Her menu

Dawn Michelle Staley is an American basketball Hall of Fame player and coach who is currently the head coach for the South Carolina Gamecocks. [Photo: Gamecock Central CC BY 2.0]

BY KEISHA BELL | Visionary Brief

The question of “What do you want to do?” can be dangerous. It can be likened to ordering a full-course meal from an appetizer menu. While committing to reaching goals provides focus, it can also be restrictive if you are not careful.

Life sometimes provides opportunities to increase your vision via the insight of others– sometimes strangers — who can see the potential you have yet to explore. Why not, at least, consider the full menu?

Meet Dawn Michelle Staley, a basketball Hall of Fame player and coach and a three-time Olympic gold medalist. Born May 4, 1970, Staley has numerous accolades. After graduating from the University of Virginia, she played basketball professionally overseas in the American Basketball League, as well as in the WNBA. On March 10, 2017, Staley was named head coach of the USA national team.

While playing in the WNBA, Staley was recruited by Temple University’s athletic director to coach its women’s basketball team. At the time, she was not shy about letting him know she was uninterested. He saw a “coach” in her, even when she did not.

After being challenged by friends, Staley took the coaching job at Temple. Six years later, she led its program to six NCAA tournaments, three regular-season conference championships and four conference tournament titles. Other schools were watching.

In 2008, Staley was named the University of South Carolina women’s head basketball coach. She took its losing program to a national number-one ranking in 2014. So far, Staley has led South Carolina to four SEC regular season championships, four SEC tournament championships, six Sweet 16s, two Final Fours and the program’s first NCAA Women’s Basketball National Championship in 2017.

Staley could have ordered the house special, but instead, she now considers the full menu. By doing so, she is using her platform to maximize opportunities for others — both on the court and along the sidelines. Staley speaks about issues that are whispered.

One such issue is the lack of black female basketball coaches. During a discussion with four other coaches on The Players’ Tribune media outlet, she said. “It was popular maybe 10 years ago to hire a black coach. And then, if you fast forward 10 years, it’s no longer popular. It’s mind-boggling to me.”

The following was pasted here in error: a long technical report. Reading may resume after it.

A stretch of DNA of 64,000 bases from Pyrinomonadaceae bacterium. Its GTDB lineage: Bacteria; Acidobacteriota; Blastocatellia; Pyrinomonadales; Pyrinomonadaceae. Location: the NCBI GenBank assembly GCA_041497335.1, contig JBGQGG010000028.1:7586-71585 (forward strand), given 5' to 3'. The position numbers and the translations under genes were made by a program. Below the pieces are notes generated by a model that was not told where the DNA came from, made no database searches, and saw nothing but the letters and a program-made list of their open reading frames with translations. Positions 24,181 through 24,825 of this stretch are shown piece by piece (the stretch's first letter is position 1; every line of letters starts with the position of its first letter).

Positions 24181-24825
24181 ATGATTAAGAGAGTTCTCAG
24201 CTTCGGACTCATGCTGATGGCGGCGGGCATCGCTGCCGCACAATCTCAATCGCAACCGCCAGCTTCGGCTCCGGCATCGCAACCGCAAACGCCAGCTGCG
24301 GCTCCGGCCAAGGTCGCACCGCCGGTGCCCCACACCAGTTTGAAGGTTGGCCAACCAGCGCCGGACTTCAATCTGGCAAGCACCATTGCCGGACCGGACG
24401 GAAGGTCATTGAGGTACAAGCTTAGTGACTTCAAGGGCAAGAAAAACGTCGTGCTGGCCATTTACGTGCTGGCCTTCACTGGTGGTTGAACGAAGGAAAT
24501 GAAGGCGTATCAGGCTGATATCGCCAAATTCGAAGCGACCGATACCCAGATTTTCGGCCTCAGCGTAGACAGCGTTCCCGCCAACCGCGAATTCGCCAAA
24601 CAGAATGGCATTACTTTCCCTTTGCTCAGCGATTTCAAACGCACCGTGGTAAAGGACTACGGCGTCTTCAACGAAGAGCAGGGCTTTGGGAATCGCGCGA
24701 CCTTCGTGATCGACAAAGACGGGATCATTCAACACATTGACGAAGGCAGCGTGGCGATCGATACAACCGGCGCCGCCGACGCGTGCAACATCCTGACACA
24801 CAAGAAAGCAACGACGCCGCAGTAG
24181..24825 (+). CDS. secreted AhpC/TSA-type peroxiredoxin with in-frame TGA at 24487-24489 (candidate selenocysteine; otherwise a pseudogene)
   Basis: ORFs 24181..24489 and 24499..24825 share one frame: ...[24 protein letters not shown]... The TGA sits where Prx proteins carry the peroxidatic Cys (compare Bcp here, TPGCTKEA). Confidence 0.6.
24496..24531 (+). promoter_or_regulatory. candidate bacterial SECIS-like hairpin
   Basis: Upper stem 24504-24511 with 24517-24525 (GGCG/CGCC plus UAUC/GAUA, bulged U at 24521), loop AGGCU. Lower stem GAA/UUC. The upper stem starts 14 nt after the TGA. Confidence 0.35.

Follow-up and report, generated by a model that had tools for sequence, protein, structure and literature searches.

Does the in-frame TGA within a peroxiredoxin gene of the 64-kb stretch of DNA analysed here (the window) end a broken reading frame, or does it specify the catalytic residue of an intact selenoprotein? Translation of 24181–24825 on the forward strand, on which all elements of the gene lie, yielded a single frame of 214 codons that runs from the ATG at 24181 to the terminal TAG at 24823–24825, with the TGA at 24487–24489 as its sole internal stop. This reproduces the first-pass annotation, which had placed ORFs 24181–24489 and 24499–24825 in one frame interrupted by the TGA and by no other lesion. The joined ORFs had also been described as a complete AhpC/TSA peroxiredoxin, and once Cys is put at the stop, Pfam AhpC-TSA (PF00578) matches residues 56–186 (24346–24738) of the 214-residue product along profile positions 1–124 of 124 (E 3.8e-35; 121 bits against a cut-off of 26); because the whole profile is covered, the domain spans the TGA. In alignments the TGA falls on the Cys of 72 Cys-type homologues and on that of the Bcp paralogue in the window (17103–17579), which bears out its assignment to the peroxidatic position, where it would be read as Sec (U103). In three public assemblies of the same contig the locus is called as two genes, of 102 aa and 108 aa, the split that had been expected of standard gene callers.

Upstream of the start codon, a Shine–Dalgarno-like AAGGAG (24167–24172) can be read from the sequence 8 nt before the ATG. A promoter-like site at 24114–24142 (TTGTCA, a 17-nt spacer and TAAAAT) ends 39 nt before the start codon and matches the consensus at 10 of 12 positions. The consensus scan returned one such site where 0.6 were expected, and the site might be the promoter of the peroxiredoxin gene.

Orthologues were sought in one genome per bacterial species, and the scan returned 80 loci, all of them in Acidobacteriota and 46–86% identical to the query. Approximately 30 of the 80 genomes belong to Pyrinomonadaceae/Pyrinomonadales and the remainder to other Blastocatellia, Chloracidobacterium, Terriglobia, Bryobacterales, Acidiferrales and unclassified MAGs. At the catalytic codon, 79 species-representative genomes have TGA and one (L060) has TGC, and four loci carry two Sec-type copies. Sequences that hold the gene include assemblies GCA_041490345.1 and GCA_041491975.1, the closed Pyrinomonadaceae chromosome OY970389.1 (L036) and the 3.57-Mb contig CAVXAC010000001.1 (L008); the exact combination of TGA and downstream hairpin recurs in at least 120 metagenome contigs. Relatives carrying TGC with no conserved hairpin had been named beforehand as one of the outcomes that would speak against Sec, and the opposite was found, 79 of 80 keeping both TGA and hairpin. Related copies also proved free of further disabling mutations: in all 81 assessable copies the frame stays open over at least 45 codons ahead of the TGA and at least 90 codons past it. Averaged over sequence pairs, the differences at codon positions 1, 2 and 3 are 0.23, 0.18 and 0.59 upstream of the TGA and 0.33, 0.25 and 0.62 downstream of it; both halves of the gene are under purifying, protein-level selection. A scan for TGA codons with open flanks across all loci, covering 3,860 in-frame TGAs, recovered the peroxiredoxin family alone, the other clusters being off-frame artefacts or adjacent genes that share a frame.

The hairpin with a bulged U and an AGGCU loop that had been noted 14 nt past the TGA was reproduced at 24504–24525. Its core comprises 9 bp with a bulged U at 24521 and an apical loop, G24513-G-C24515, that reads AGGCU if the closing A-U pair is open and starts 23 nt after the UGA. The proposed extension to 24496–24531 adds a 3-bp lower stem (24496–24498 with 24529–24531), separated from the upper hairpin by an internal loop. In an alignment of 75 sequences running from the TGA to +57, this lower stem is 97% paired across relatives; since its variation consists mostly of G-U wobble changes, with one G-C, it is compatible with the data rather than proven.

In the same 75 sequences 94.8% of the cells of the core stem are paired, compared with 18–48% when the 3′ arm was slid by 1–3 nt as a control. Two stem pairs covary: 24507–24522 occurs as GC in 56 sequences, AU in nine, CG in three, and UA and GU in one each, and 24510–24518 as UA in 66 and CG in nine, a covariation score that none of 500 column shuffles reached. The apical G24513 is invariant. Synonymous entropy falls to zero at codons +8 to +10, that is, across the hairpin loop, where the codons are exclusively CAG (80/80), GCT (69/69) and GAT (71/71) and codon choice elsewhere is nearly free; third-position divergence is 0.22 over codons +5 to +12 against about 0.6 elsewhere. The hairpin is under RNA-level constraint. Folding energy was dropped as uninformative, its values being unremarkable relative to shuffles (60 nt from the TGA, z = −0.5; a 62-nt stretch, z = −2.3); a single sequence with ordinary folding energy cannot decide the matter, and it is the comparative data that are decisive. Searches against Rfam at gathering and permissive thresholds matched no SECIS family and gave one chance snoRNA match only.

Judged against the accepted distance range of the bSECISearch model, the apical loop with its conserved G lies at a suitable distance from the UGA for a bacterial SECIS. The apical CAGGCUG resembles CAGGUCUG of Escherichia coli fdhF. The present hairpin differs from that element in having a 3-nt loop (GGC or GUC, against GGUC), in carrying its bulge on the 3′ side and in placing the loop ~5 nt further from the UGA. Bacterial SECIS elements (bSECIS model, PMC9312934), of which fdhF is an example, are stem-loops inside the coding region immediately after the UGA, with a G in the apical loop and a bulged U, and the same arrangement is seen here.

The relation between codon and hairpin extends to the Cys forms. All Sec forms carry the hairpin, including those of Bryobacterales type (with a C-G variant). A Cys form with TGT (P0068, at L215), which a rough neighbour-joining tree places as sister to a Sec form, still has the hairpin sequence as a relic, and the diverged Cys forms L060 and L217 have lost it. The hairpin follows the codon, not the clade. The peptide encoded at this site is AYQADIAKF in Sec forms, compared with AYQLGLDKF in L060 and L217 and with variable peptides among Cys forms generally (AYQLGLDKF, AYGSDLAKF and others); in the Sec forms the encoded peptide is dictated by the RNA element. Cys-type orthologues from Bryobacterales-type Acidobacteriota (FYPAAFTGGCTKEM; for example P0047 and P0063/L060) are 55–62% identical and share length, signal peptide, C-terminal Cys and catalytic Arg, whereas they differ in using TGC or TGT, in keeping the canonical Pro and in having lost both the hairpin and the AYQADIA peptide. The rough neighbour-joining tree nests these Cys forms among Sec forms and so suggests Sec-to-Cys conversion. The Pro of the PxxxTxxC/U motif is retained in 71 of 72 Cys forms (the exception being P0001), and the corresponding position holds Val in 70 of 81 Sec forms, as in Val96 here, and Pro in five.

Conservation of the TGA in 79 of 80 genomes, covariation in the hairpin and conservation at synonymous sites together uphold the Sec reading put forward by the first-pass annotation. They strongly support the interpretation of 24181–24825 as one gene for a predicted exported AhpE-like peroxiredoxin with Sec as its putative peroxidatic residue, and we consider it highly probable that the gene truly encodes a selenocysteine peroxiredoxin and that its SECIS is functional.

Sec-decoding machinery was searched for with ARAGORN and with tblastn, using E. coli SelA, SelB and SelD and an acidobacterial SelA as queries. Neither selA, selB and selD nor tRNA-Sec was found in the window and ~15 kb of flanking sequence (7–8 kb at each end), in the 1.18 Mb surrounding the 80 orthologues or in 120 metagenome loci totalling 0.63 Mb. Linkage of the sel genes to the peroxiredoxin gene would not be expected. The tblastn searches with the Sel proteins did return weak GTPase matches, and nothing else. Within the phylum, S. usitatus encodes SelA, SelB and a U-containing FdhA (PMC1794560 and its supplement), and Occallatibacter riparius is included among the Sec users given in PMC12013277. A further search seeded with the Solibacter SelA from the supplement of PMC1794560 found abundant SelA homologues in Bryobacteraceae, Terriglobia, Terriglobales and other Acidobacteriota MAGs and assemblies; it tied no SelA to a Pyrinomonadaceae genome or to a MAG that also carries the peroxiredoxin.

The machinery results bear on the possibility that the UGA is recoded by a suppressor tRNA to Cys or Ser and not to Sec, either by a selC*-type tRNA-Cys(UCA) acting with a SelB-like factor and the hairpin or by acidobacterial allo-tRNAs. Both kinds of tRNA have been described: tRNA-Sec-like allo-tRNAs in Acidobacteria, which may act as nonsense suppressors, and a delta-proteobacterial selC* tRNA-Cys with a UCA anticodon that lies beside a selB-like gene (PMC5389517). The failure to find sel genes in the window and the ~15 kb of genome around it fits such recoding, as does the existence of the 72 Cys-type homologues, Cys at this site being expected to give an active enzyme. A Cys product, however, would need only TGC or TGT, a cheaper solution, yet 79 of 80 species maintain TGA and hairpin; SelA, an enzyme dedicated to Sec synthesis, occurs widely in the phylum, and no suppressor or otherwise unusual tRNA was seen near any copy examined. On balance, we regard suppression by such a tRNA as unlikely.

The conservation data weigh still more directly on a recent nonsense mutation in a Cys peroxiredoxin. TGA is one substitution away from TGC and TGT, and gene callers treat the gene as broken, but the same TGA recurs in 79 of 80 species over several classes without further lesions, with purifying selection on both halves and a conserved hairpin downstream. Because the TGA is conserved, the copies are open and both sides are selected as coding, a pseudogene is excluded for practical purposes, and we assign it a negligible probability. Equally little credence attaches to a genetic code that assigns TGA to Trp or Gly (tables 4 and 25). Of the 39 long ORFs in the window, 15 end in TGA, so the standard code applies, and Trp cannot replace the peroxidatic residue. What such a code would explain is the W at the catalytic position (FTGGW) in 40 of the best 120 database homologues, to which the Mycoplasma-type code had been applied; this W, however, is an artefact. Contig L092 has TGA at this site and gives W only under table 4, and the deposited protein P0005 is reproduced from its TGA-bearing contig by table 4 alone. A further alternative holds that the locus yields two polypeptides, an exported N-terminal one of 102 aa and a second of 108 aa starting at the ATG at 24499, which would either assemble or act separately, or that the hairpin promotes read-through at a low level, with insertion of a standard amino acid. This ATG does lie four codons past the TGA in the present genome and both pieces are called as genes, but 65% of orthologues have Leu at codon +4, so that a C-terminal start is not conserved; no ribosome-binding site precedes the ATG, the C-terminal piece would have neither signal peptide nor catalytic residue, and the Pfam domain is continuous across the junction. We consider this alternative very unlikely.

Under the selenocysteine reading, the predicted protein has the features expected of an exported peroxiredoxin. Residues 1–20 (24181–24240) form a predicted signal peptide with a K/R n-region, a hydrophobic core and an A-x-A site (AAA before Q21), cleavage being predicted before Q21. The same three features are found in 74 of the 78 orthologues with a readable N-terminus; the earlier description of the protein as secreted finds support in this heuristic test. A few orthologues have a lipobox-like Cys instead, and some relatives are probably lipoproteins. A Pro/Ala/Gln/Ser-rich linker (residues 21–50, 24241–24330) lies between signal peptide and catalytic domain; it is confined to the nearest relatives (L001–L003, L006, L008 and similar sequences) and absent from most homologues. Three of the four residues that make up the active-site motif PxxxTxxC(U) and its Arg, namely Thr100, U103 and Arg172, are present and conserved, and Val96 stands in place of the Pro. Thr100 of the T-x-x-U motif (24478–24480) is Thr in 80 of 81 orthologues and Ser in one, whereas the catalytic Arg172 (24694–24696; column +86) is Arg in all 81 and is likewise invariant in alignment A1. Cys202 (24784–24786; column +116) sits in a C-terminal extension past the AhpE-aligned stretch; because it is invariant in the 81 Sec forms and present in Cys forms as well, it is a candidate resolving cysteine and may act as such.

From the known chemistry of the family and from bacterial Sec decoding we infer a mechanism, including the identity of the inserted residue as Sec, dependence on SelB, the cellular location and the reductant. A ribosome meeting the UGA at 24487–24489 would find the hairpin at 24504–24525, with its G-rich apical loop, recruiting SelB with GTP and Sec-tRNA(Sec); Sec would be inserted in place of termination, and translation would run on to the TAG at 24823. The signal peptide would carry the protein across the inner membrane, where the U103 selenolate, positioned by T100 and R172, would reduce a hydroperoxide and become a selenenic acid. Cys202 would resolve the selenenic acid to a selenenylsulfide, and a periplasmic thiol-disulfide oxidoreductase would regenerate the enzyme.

Such trends are not limited to basketball, yet finding dialogue about them seems far from trendy. If, however, people were courageous enough to address these challenges, diversity and inclusion could be achieved and maintained.

In that same discussion, she said, “The biggest challenge [at the University of South Carolina] that you face is other people’s perception…and you are stuck with fighting against a history.”

That experience is a shared one that crosses professional industries and, many times, personal lives. Imagine fighting against history while pursuing progress. It can be difficult, especially without a steadfast, trusted support system.

In preparing for opportunities, especially when entering spaces with limited or no racial or gender diversity, some believe “dressing the part” will help in gaining entrance and access. It may, but Staley provides deeper awareness.

“It’s a tough position to be in,” she says, “because you look differently than who is sitting across the desk. And you can “look the part”; You can dress the part, but you are still at a disadvantage. When you are at a predominantly white university, people often don’t know how to work with you. You can be intimidating to some people, and all you’re trying to do is carve out a space in which you can be successful.”

Staley offers the following advice:

“…it’s about being you. I’m not going to be anybody else but me…I’m just going to be as honest as I can be, and hopefully, people respect honesty.”

Do you respect honesty?

Keisha Bell

Staley was raised in a tough part of North Philadelphia. Like so many others, regardless of race and gender, all she wanted was an opportunity. Along the way, Staley said, “You have to be prepared for a lot of ‘noes,’ and you can’t stop because it’s a ‘no.’ You just have to figure out a way to get them to say ‘huh,’ not ‘yes,’ but ‘huh.’”

That is what is on her menu. Are you ready to place an order?

Keisha Bell is an attorney, author, and public servant.

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